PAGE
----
REH theory is extended by deriving the theoretical equations that permit one to analyze the nonrandom molecular divergence of homologous genes and proteins. The nonrandomicities considered are amino acid and base composition, the frequencies with which each of the four nucleotides is replaced by one of the other three, unequal usage of degenerate codons, distribution of fixed base replacements at the three nucleotide positions within codons, and distributions of fixed base replacements among codons. The latter two distributions turn out to dominate the accuracy of genetic distance estimates. The negative binomial density is used to allow for the unequal mutability of different codon sites, and the implications of its two limiting forms, the Poisson and geometric distributions, are considered. It is shown that the fixation intensity - the average number of base replacements per variable codon - is expressible as the simple product of two factors, the first describing the asymmetry of the distribution of base replacements over the gene and the second defining the ratio of the average probability that a codon will fix a mutation to the probability that it will not. Tables are given relating these features to experimentally observable quantities in α hemoglobin, β hemoglobin, myoglobin, cytochrome c, and the parvalbumin group of proteins and to the structure of their corre-sponding genes or mRNAs. The principal results are (1) more accurate methods of estimating parameters of evolutionary interest from experimental gene and protein sequence data, and (2) the fact that change in gene and protein structure has been a much less efficient process than previously believed in the sense of requiring many more base replacements to effect a given structural change than earlier estimation procedures had indicated. This inefficiency is directly traceable to Darwinian selection for the nonrandom gene or protein structures necessary for biological function. The application of these methods is illustrated by detailed consideration of the rabbit α -and β hemoglobin mRNAs and the proteins for which they code. It is found that these two genes are separated by about 425 fixed base replacements, which is a factor of two greater than earlier estimates. The replacements are distributed over approximately 114 codon sites that were free to accept base mutations during the divergence of these two genes.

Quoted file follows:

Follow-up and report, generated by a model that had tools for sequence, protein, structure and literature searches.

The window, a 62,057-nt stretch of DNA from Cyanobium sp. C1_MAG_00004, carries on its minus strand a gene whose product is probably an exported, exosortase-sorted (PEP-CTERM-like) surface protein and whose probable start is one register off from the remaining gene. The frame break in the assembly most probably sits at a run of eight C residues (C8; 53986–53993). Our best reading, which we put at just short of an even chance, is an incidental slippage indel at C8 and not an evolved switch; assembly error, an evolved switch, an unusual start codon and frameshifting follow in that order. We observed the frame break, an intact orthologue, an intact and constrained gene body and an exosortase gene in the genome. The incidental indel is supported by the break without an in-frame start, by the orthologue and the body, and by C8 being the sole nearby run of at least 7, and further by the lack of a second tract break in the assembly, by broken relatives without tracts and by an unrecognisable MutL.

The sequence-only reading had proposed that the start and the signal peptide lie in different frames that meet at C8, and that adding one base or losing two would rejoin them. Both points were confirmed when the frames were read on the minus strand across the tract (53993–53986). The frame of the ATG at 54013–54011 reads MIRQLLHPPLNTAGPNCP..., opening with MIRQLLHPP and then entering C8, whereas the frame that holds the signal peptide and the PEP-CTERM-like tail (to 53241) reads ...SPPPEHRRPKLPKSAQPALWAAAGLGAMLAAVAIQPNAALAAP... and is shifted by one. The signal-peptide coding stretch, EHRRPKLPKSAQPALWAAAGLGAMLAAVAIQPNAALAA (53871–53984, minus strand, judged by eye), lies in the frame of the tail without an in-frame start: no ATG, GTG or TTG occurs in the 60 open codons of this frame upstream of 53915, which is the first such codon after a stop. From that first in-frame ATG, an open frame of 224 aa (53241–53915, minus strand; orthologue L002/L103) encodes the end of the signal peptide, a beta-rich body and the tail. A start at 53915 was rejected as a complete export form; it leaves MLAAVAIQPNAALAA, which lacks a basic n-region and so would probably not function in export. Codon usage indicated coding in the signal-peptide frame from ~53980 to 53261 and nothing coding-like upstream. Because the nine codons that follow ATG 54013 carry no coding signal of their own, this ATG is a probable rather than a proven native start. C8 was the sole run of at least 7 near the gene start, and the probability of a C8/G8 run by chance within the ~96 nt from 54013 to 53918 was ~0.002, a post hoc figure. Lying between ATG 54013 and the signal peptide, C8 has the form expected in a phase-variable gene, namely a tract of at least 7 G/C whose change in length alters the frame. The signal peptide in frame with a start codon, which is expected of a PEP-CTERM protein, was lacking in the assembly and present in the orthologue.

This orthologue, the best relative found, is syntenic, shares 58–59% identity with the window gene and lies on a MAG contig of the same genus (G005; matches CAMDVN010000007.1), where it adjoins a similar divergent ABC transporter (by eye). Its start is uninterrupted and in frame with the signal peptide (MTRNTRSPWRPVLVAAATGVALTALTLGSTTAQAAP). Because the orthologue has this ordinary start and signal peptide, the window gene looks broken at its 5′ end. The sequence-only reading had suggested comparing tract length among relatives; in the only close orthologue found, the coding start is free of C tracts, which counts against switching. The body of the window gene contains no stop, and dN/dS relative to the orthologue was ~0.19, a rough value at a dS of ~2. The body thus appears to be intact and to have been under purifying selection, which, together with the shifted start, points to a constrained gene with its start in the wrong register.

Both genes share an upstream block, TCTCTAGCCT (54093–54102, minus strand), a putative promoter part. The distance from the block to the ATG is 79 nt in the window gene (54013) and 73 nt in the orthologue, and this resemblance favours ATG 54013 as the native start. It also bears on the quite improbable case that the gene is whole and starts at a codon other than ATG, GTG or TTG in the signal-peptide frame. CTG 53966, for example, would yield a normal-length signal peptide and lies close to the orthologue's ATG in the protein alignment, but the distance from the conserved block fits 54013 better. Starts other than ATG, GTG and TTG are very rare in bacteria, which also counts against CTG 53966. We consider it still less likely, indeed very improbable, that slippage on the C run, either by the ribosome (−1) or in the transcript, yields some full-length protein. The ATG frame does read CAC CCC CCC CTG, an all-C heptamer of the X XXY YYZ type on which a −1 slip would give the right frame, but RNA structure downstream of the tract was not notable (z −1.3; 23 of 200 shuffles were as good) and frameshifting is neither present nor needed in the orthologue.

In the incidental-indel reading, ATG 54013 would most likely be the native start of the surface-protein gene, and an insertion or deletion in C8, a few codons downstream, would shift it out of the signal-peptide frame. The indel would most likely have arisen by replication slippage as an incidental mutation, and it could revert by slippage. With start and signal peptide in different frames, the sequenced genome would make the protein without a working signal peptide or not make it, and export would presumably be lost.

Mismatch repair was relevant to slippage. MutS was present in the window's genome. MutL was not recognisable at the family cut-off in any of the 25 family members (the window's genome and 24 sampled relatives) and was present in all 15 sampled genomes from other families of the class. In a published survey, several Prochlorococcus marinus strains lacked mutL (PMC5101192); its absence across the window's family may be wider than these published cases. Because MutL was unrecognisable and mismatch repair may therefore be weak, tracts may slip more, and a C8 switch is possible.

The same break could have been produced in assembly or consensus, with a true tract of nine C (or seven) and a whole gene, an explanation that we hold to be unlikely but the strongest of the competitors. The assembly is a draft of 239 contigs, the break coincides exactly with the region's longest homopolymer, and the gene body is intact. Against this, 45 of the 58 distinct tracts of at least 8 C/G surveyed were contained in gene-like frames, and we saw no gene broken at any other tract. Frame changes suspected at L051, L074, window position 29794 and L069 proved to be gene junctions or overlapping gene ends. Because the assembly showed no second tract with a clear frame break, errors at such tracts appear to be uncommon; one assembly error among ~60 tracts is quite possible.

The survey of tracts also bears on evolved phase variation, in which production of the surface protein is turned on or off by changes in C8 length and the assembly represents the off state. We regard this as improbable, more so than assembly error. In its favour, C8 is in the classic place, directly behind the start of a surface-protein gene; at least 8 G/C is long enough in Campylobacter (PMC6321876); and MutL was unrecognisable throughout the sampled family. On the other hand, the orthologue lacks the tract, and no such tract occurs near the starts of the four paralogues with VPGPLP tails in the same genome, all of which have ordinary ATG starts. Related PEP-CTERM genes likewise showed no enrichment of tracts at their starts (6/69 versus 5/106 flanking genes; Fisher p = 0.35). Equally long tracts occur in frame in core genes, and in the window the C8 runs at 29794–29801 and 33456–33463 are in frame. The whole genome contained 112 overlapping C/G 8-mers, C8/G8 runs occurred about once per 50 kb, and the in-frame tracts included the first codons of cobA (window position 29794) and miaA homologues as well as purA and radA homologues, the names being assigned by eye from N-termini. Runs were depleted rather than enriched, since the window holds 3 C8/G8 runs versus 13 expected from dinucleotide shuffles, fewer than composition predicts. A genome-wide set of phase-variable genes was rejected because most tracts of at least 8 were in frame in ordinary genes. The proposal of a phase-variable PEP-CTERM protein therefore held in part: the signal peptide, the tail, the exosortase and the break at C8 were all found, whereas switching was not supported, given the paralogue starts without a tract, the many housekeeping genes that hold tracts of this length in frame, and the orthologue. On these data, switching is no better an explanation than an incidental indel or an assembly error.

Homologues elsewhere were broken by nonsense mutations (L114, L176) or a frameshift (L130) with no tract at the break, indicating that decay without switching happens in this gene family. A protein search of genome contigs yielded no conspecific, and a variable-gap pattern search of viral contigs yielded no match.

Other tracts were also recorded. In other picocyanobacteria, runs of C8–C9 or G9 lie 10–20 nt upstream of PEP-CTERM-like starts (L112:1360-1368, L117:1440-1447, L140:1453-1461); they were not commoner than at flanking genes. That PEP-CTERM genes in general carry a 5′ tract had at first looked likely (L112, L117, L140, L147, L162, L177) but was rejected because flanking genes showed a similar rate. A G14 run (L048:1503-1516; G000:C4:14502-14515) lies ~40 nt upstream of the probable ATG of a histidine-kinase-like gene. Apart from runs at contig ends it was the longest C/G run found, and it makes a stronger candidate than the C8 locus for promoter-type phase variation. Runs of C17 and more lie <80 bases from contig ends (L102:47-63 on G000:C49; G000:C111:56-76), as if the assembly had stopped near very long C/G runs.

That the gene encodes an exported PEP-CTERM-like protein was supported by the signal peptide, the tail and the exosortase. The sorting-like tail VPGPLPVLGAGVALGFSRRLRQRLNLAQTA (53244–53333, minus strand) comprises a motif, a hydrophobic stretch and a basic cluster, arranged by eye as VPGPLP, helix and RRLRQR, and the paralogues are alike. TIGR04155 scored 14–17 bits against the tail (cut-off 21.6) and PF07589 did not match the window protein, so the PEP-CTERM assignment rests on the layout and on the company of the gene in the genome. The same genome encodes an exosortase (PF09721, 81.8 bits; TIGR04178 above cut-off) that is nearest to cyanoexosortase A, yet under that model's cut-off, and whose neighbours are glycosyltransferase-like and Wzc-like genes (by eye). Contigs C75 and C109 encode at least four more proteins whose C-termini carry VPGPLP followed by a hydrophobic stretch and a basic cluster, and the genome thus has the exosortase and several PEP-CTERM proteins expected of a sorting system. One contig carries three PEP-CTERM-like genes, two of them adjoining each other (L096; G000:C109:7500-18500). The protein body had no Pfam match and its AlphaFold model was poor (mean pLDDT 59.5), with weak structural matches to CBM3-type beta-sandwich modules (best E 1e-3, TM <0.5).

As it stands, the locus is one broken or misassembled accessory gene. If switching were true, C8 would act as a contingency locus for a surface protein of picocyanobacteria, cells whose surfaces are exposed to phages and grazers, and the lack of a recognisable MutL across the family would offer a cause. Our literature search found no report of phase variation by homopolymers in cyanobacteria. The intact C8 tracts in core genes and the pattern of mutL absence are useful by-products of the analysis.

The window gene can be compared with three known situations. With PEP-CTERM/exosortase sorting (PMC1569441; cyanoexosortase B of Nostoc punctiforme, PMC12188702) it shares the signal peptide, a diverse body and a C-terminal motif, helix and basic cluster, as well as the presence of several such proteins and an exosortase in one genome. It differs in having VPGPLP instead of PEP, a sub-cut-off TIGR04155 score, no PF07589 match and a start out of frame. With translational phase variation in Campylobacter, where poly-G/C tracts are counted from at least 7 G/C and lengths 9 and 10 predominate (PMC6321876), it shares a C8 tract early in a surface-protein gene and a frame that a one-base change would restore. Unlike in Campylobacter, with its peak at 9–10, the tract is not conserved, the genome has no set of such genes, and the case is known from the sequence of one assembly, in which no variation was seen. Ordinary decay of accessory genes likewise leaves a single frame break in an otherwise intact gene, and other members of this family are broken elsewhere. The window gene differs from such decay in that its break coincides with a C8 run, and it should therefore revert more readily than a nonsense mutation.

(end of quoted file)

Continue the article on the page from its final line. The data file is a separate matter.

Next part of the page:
All Science Journal Classification (ASJC) codes
- Ecology, Evolution, Behavior and Systematics
- Molecular Biology